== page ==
After breakfast, we were transported by coach to the canal boat mooring. During this short coach ride, the most amazing sight that you will see is the number of bicycles. We drove past this multi-storied bicycle station and there were thousands of them parked side-by-side. The guide told us that there are 14 million bikes in the Netherlands to a population of 7 million. Each year some 70,000 bikes are stolen and many end up in the canals. As such, the canals are dredged for dumped bikes every two years.
The canals in Amsterdam are called grachten and the tour was very pleasant, especially since we had nice warm weather. If you are keen on photography or holiday shots, as many were, you'll have a great time snapping on this trip.
Cruising the Canals:
Amsterdam has been called a city of "well mannered" architects as its charms lie in intimate details rather than grand or stunning effects. Certainly you'll see lots of waterside mansions and heritage preserved buildings with elegant facades and ornate gables; most of the best ones are now the expensive offices of commercial organisations. You can pick out the houses of the rich by the size of the steps on the front of their building and their fancy gables. Maybe a game of 'spot the gable or facade' for you architecture buffs?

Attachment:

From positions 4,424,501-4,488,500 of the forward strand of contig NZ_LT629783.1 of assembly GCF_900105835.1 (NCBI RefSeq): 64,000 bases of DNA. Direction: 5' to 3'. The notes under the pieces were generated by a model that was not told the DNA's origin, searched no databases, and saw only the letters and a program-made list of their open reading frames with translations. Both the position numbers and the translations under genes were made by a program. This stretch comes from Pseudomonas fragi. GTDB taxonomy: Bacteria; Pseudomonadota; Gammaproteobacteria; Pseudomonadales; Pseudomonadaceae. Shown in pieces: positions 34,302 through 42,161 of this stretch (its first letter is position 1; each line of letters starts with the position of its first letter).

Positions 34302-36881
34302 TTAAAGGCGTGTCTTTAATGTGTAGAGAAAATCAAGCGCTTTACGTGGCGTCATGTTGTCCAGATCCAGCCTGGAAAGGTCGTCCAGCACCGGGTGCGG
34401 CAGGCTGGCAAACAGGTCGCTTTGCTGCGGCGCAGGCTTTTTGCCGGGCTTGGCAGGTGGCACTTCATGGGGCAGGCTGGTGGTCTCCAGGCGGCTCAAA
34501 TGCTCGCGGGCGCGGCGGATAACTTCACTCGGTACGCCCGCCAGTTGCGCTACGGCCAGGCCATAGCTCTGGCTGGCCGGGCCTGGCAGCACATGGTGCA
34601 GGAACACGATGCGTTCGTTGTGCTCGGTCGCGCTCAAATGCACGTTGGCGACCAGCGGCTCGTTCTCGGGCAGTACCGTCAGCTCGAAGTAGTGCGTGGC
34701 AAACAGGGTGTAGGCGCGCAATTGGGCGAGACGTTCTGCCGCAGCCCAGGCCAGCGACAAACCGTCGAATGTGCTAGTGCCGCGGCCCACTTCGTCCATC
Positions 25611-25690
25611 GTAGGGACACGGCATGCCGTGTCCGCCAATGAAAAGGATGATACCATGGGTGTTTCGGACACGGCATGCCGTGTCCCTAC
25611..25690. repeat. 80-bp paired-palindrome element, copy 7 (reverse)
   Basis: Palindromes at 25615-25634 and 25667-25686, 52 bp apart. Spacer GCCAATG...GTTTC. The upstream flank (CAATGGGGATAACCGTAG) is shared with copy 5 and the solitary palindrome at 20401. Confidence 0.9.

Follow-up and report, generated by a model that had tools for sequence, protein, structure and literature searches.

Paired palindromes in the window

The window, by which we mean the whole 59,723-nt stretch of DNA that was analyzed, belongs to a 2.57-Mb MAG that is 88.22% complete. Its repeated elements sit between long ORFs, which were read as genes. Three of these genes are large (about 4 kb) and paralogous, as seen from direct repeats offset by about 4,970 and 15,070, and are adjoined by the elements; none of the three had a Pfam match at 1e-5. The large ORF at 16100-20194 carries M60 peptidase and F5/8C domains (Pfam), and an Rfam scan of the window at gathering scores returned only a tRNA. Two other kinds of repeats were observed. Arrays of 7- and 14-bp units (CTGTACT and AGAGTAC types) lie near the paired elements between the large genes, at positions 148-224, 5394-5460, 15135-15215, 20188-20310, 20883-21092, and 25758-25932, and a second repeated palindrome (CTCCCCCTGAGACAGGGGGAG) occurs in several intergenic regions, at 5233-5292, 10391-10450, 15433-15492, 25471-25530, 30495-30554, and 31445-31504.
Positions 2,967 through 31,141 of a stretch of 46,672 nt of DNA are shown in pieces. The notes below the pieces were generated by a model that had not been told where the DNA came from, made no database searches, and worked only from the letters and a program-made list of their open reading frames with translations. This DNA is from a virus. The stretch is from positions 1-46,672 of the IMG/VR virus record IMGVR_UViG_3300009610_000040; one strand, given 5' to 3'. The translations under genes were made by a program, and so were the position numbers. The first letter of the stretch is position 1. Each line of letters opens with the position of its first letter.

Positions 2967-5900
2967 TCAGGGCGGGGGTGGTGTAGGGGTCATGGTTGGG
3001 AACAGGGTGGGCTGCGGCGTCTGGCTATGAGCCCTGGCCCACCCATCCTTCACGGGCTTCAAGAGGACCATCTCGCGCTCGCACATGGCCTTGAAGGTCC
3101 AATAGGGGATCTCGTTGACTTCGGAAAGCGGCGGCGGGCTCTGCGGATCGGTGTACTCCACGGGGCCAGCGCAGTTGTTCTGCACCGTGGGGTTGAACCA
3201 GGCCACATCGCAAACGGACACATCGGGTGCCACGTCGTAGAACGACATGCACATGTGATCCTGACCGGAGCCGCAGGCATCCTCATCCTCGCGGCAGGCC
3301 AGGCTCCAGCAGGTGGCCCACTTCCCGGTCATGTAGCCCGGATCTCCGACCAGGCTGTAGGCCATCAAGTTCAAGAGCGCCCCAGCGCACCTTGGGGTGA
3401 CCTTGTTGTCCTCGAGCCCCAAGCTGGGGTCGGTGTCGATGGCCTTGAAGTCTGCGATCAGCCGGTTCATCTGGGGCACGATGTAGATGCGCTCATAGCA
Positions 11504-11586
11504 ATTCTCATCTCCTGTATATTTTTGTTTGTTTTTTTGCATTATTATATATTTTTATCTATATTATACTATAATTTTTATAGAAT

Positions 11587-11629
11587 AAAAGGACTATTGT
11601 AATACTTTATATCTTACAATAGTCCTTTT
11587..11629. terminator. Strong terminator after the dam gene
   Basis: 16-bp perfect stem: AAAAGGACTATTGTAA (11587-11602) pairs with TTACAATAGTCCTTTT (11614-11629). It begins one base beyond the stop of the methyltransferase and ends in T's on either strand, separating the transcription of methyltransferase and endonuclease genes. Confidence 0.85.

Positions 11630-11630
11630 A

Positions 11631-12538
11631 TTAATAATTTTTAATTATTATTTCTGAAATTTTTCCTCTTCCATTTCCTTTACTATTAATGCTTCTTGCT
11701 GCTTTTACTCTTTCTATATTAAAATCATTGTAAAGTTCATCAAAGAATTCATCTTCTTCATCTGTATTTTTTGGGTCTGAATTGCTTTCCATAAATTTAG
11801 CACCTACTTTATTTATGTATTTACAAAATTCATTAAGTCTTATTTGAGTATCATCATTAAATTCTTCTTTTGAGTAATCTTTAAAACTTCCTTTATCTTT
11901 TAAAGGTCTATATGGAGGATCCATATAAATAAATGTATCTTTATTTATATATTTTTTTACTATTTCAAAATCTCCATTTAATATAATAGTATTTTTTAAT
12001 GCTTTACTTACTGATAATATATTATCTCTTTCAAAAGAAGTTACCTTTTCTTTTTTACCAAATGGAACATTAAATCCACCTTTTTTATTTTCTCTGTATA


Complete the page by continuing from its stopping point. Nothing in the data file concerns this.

If you notice a certain regularity in the sizes of building facades, this was due to planning laws in the 15th century. Due to instability of the topsoil, town planning required that facades be built of lightweight brick or sandstone, with large windows to reduce the weight. Taxes were also levied according to the width of the frontage and canal houses were often long and narrow. Keep a lookout for Anne Frank's home near the Westerkirche and for those who were interested, Anne Frank's Diary is one of the movies shown on the MS Poetry that day.
Overall, the cruise was well worth doing as Amsterdam is noted for its canals and waterways.
Of course, if you've already done it before, you could have given the arranged tour a miss and spent time in Amsterdam. The city is 700-year old and it's fun to wander along the canals (the Jordaan is the best area, I think) or view works of famous Dutch masters in the Van Gogh, Rembrandt or the Rijksmuseum. And those "brown cafes" really are friendly, although forget non-smoking...
Mussels Go Missing:
Our guide on the canal cruise told us that mussels and oysters are exported from the Netherlands and I was hoping that we would be treated to some Dutch seafood at dinner tonight, being the Captain's Gala Welcome Dinner.
Well, due to some technicalities (?), the Captain's Gala was postponed, and to my great disappointment, there was not a trace of oyster or mussels on the menu! I thought I might have been mistaken in what the guide said, so checked up on the internet and yes, it does say that Yerseke in Zeeland is the Dutch centre for mussels and
oysters. The city has one of its ports dedicated to the mosselkotters (mussel cutters), the boats used for mussel fishing.
Yerseke, it seems, has the only mussel auction room in Europe (you couldn't make this stuff up) and a museum dedicated to the history of mussels, oysters, shell and sea shell fishing in Zeeland. They also farm lobsters and musselbeer there and have an Annual Mussel Day (photos).
Being a great, even obsessive, fan of mussels, I was really disappointed that we left Amsterdam without sampling some of its gastronomic exports - something Avalon might like to remedy...?